September 17, 1995
25 Years Ago
EDITORIAL – HIJACKERS BEWARE! – The shooting and serious wounding of a man attempting to hijack a Trans World Airlines jetliner at San Francisco is the first warning to would-be sky
pirates that it is becoming increasingly unsafe to indulge in this racket. The young white man, demanding that the plane be diverted formats regular course and flown to North Korea, was shot by an armed guard of Brink’s, Inc., who was on board to protect a shipment of securities. There should be no mercy given to brigands of this type, who show no mercy or concern themselves for passengers or crew in their insane act of armed takeover of these large passenger planes. President Nixon’s act of placing armed guards on all planes leaving the U. S. for foreign points should have a sobering effect on these would-be highjackers, who have no means of knowing whether the man sitting next to them or across the aisle is wearing a pistol holster beneath this coat, ready for action at the slightest sign of trouble. Hijacking must be stopped, no matter how stern measures must be adopted to stop it. Community Reporter, September 18, 1970.
50 Years Ago
A UNION BRIDGE VICTORY PARADE TOMORROW – The Victory parade being sponsored by the Union Bridge Fire company or Saturday evening, Sept. 15, will form on the Firemen’s grounds at 6 p.m. and will consist of bands, drum corps, service men, fire companies, ladies’ auxiliaries, service clubs and other organizations. A number of floats will also be in line. The fire auxiliary will serve refreshments on the Firemen’s grounds when a concert will take place at 8 o’clock and there will be a dance under auspices of the Youth club at 9 p.m. Prizes are to be awarded during the observance. In case of rain the parade will take place the following Monday evening. The parade will form at the Union Bridge Firemen’s Park grounds at 6 p.m. The Westminster Band, William F. Myers Band and the Taneytown Junior Band will participate. A special concert will follow the parade. Democratic Advocate, September 14, 1945.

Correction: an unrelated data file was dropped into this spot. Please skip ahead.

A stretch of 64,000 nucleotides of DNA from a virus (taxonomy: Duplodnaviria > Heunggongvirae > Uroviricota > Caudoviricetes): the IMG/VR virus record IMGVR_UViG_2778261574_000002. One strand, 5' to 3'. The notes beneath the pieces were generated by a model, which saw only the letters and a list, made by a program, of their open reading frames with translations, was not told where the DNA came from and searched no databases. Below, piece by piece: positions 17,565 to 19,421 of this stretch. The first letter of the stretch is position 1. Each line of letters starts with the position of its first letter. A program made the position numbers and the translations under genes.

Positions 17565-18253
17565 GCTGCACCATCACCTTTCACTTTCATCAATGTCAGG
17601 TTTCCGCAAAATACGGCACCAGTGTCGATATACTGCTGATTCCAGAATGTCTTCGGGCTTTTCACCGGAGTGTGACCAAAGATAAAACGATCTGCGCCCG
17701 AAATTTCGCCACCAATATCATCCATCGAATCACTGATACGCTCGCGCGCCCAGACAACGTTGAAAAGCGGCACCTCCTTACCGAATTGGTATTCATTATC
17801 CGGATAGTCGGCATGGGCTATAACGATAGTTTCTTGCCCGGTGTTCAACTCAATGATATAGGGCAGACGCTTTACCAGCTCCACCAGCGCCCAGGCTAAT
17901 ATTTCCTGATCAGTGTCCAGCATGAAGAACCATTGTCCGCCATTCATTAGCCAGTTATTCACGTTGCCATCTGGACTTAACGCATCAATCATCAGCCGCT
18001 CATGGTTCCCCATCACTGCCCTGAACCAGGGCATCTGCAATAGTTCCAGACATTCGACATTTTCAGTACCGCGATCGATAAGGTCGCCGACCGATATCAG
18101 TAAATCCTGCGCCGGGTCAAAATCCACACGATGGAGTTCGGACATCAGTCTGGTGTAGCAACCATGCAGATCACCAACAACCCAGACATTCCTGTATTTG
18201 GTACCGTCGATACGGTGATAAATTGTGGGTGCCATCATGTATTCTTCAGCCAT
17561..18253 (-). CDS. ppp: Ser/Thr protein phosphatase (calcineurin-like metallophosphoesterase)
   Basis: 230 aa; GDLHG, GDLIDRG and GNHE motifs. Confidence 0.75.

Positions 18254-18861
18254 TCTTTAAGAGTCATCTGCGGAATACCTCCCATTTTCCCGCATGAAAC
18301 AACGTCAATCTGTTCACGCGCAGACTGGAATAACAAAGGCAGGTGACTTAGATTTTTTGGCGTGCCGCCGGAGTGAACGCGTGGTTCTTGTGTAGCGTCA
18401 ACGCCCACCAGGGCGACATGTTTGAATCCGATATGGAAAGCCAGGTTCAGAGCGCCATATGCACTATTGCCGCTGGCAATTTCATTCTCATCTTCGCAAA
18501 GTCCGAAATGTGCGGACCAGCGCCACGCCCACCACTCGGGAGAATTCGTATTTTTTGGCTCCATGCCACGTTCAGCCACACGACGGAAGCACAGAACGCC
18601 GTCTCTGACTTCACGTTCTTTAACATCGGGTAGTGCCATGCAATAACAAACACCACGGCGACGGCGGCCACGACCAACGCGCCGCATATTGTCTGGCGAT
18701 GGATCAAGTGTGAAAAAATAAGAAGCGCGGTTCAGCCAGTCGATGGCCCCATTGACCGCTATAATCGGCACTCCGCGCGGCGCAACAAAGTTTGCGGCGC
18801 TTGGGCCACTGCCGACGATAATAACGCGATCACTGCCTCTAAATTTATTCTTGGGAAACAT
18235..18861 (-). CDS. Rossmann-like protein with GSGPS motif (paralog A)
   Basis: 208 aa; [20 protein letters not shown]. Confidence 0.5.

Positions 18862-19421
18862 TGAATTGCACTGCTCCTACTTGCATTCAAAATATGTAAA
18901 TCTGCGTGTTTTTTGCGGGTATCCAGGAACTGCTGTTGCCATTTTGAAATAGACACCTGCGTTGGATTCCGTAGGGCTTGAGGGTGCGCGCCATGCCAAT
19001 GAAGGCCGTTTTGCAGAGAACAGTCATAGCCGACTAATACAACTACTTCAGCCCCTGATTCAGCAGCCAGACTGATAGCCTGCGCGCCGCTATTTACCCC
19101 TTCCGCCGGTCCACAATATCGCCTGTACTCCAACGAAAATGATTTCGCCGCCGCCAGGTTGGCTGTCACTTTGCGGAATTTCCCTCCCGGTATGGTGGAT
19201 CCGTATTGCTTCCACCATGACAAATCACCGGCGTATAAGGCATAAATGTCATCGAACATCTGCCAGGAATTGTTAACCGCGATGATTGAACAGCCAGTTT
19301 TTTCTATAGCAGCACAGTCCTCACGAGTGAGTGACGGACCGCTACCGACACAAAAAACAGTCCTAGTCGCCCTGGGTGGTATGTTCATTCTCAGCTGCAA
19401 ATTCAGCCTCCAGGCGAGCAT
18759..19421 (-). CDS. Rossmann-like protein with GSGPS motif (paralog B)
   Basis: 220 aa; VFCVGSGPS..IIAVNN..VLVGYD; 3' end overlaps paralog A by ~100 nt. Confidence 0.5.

75 Years Ago
Sailor Would Sell Himself for $5,000 – Is anybody willing to buy a young man, healthy, intelligent, and of good character, who would be willing to obey every command of his purchaser, even
to sacrifice his life if necessary? Jack Hardy, a former sailor, now living at 28 West Thirty-seventh street, New York, offers himself for sale for $5,000. In making his offer he stipulates that $3,000 cash must be paid when the bargain is made and the remainder in installments. “I suppose many people, seeing my offer, will think me crazy,” Hardy said. “The $3,000 I want to turn over, as soon as I get it, to a lady who has been more than a mother to me. Though not legally obligated to her, I feel I owe a great debt to her. She has been my guide and benefactress all my life.” “Hence, my offer. For myself, I do not want anything except a bare living and perhaps cigarette money in my pockets, though, of course, I will stop smoking—my only vice—should my new owner so decide. Union Bridge Pilot, September 17, 1920.
100 Years Ago Mr. W. H. D. Watson, residing near Warfieldsburg, brought to this office, on Tuesday, two potatoes of his own raising, which weighed 30 1/2 ounces. They are new varieties, produced by Mr. Watson, himself. Their history, as he related it, it quite interesting. Five years ago he found a pod of seed on a potato vine and planted about half of it in a box. The product was eighteen potatoes ranging from a peas to a small marble in size. He planted these the second year, but selected a shady place and only got fourteen of the tubers, which were, however, of somewhat larger size. These he planted the third year and gathered about half a gallon still larger. This product was planted the fourth year and yielded three pecks of small and large ones. He gave away a few and used some, planting, this year, about half a bushel, which produced twenty-two bushels, among which were eleven or twelve bushels of very large ones. There are four varieties of the potatoes, one of which, a large white and finely flavored potato, he has called Watson’s Favorite, and another, with rough skin and of yellowish color, World’s Renown. These are the varieties left at this office. The white is the larger potato, but both are well shaped and of superior quality. One of the remaining varieties is a long white and good potato and the other has a reddish tint but is not as valuable as those mentioned. The varieties left at this office are equal to anything we have ever seen in the potato line, and may become famous. American Sentinel, September 21, 1895.